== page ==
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August 13, 2008 — Time and again, NBC announcers have called that Phelps “The Greatest Olympian ever,” or “of all time,” thereby doing a great disservice to all the many thousands of other Olympians.
It’s a matter of mathematics. Seventeen gold medals will be given away in men’s swimming alone this year, compared to one in basketball, tennis, baseball, and other team sports. Thirty four medals in all will be given away in swimming, a near comical number. The next closest is wrestling, which gives away 18. It’s the opposite approach in pentathalon, where one must compete in five disparate sports to win only one medal.
Consider that Roger Federer is competing in Olympic tennis in 2008 and is clearly one of the greatest athletes of all time … is it really so clear that Phelps is, “the greatest ever,” when athletes like Federer are competing a few miles away? I think the only things proven by Phelps’ medal count is that he is a great athlete, and that swimming gives away too many medals.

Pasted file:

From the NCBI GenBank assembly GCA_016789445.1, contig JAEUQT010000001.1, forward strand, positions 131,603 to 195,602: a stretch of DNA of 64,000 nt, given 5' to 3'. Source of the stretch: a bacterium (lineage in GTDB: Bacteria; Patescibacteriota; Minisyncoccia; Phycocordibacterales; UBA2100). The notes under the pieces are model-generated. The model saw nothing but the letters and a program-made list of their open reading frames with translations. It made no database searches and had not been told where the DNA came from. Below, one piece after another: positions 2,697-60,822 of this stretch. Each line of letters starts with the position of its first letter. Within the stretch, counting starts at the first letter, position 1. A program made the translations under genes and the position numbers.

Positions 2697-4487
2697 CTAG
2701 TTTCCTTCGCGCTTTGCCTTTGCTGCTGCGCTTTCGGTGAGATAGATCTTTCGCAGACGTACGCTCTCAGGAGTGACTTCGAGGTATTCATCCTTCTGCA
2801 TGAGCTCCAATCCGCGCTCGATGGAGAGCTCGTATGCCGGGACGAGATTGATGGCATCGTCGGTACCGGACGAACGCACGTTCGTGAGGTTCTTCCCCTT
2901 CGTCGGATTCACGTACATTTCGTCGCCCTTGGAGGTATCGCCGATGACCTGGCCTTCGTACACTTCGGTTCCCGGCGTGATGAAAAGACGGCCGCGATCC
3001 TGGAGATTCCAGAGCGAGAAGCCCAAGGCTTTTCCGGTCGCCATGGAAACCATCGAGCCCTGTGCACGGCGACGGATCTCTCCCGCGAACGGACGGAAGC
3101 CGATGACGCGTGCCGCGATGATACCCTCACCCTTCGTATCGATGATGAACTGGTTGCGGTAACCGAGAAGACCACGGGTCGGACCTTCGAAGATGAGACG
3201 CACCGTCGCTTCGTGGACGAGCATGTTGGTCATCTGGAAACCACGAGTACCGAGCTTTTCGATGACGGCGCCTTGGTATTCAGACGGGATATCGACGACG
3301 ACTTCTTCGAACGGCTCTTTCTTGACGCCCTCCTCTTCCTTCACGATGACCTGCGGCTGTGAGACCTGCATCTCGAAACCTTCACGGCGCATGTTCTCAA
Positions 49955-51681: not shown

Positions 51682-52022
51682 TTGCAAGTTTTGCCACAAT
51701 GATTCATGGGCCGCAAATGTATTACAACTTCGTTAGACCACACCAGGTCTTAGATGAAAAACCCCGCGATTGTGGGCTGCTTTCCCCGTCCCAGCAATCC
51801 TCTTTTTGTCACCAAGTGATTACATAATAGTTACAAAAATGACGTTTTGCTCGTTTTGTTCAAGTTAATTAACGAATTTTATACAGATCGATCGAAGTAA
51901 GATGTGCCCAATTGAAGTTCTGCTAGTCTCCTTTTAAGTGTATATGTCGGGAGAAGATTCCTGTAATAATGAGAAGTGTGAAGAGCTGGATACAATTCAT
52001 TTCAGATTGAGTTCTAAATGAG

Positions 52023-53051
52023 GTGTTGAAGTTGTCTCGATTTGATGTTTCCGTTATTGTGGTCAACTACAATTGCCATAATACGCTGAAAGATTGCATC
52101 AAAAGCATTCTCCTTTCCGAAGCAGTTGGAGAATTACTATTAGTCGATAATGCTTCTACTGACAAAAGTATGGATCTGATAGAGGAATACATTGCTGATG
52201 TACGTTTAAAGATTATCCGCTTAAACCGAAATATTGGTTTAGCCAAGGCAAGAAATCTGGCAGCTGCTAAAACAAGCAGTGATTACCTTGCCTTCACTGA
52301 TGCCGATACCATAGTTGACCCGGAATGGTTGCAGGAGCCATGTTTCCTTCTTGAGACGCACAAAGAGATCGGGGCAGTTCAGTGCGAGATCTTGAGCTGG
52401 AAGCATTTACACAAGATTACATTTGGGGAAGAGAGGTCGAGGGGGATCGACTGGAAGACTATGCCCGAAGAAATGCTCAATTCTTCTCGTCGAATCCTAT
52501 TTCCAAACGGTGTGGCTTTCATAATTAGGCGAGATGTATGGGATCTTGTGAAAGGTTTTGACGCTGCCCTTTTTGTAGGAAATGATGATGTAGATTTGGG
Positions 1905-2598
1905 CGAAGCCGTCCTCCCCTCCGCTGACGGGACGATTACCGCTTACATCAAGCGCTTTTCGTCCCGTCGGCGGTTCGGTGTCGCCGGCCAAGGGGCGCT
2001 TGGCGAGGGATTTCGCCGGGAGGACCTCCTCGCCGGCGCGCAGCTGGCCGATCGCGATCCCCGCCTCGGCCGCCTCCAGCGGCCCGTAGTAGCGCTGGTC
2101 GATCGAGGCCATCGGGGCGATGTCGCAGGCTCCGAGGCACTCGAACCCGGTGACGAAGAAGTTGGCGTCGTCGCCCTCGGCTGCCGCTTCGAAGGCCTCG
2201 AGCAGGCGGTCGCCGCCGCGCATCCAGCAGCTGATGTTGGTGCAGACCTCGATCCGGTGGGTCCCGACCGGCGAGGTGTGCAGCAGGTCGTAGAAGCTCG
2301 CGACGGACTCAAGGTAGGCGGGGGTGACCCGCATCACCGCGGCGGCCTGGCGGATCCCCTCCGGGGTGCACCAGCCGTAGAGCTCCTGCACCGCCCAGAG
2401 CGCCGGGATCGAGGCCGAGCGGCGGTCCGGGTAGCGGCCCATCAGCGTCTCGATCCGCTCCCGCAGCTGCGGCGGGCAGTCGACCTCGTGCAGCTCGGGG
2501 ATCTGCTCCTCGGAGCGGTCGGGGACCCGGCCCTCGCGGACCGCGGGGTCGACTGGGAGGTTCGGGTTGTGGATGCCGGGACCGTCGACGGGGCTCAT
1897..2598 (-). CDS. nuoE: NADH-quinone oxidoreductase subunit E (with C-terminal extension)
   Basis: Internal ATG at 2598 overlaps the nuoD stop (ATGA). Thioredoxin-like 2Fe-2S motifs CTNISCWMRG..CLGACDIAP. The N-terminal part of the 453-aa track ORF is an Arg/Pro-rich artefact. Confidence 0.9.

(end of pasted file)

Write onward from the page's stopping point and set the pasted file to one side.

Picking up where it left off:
By the logic of the pundits (who include writers from ESPN, CNN, and elswhere), Olympians who can only win one medal per Games are just a bunch of slugs. Notice to sporting authorities: if you want your athletes to become famous, add 30 new categories of competition to your sport, then claim greatness by way of gold count.
The absurdities of Olympic coverage have become so commonplace as to almost defy comment … but having personally watched hundred of “Great Olympic” biathletes give their heart and soul to their sport in 2006 – quietly and without just reward – I just can't let this one slide.
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